“Life is too short to be sad.” is something we have all been told when we were down. It is something even we say to others so that we can try to make them feel better. But I have a question. Does it really help us feel better? Does it make us feel the situation will improve? Honestly, it makes me feel worse. Because it implies that life is already too short, and even in my short time, I get sadness. That is how it is supposed to feel, but then that feeling should drive you to get out of the situation and make yourself happy; seize the day, so to say. But that does not happen for me. I don’t feel the urge to smile because life’s too short to be sad. I feel the urge to cry that my short time as a human being is not good, and is instead filled with sorrow.
This is something we may all have pondered over at some point in our lives. But have we ever acted on it? No. We are saddened, disgusted even, on how we could say things just to make the other person feel better, things we don’t believe in ourselves, things that don’t make sense to us, things that we would never use for ourselves. We have all had this thought, and yet we go back to doing it again. We say things we don’t really mean; things like “whatever happens, happens for the good” or “this is all happening for a reason.” and of course, the infamous “it will all be okay.” Do we stop to think maybe it won’t be okay; maybe this is how it is supposed to happen, maybe it’s not happening for a reason, maybe it’s just karma? Maybe. Do we even for a second believe what we say? We don’t. We pretend we mean it, and we hope that the other person feels better.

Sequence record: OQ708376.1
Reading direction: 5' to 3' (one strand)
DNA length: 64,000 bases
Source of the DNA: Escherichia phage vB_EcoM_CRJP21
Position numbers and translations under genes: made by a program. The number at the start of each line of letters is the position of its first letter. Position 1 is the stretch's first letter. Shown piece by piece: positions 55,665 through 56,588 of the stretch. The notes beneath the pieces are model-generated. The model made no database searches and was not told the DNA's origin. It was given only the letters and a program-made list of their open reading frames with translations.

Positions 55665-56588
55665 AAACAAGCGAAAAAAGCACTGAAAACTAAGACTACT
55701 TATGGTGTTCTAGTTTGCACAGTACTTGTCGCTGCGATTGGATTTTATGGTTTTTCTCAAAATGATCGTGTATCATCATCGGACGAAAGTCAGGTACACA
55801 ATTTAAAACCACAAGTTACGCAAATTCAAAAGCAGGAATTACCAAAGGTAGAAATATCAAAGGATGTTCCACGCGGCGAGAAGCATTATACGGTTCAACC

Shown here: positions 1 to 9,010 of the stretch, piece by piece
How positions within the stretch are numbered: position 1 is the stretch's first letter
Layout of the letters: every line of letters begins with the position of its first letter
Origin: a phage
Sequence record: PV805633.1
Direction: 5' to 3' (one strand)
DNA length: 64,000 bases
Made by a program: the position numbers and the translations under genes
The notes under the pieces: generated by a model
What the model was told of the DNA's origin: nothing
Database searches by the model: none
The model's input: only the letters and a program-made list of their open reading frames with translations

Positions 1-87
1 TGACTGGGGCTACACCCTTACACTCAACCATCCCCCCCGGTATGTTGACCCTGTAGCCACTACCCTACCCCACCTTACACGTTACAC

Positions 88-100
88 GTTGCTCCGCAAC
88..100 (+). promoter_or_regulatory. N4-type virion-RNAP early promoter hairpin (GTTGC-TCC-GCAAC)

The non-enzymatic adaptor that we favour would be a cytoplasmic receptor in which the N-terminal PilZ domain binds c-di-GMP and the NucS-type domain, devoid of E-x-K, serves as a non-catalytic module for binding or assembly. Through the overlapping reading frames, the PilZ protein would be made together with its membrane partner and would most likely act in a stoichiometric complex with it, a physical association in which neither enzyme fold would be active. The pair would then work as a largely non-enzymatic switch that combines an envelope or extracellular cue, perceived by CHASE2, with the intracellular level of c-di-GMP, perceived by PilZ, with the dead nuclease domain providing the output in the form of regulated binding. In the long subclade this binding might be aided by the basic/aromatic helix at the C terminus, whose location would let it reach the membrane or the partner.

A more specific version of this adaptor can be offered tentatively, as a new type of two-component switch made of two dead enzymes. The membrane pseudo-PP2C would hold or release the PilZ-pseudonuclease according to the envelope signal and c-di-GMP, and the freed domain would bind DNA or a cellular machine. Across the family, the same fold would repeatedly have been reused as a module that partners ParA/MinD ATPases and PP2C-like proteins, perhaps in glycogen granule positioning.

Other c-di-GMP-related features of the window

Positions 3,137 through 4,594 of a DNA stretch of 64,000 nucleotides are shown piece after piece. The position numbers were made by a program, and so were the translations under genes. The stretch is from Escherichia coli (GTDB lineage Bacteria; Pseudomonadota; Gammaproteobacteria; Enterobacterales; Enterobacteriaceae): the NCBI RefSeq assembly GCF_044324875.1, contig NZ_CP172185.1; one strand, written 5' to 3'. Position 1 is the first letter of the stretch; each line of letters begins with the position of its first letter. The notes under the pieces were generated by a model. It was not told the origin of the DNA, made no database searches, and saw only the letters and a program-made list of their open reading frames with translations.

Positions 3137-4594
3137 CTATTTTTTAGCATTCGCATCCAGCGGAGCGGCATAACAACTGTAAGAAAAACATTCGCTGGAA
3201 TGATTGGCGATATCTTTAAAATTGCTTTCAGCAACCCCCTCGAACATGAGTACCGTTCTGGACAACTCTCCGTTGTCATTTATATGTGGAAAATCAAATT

Having been the person on both the sides, the person who said something to someone she didn’t believe, all for the purpose of consoling, and the person being told the stuff to be consoled, I assure you, that is not how it works. You don’t feel better after it. Yeah, you may experience a temporary sense of hope, and that is not all bad, but we end up feeling the same way after a while, don’t we?
This is not to ask you to not console people and not be with them when they need you most, this is just to tell you that even though you mean well, and don’t want to see others in any pain, sugarcoating doesn’t help. The truth is what the truth is. Sometimes, situations are manageable, and things do get better, but that is not always the case, and making someone feel it will be better, or rather assuring them that it will be alright is wrong. Yes, it is wrong. Not because you are ‘speaking against your own beliefs’ or because ‘you are lying’, but because you’re not sure. Because you don’t know.
The thing is, we all want to feel better, even just for a second, and that is all we intend when we say things like these. We try to lighten the pressure on the people we love, but thinking about it, would it not be better to just be honest with them? To tell them it is okay to feel hurt, and to let your guard down; that it is possible things might not work out and that’s okay? Why do we have to rationalize everything, why does everything have to make sense, and why does everything have to work out? No one has a life that can be called perfect, everyone faces problems, so would it not be easier to just accept that things can go wrong? Maybe instead of telling people it will be okay, we tell them whatever happens, we’ll be there for them, by their side, supporting them throughout. We tell them things always go wrong, but they have us; that we will be right there with them.
I don’t think having hope is wrong, and I certainly don’t have any enmity against it, I would just rather people hold my hand and tell me the truth, than say something they don’t feel like saying and hate themselves for it.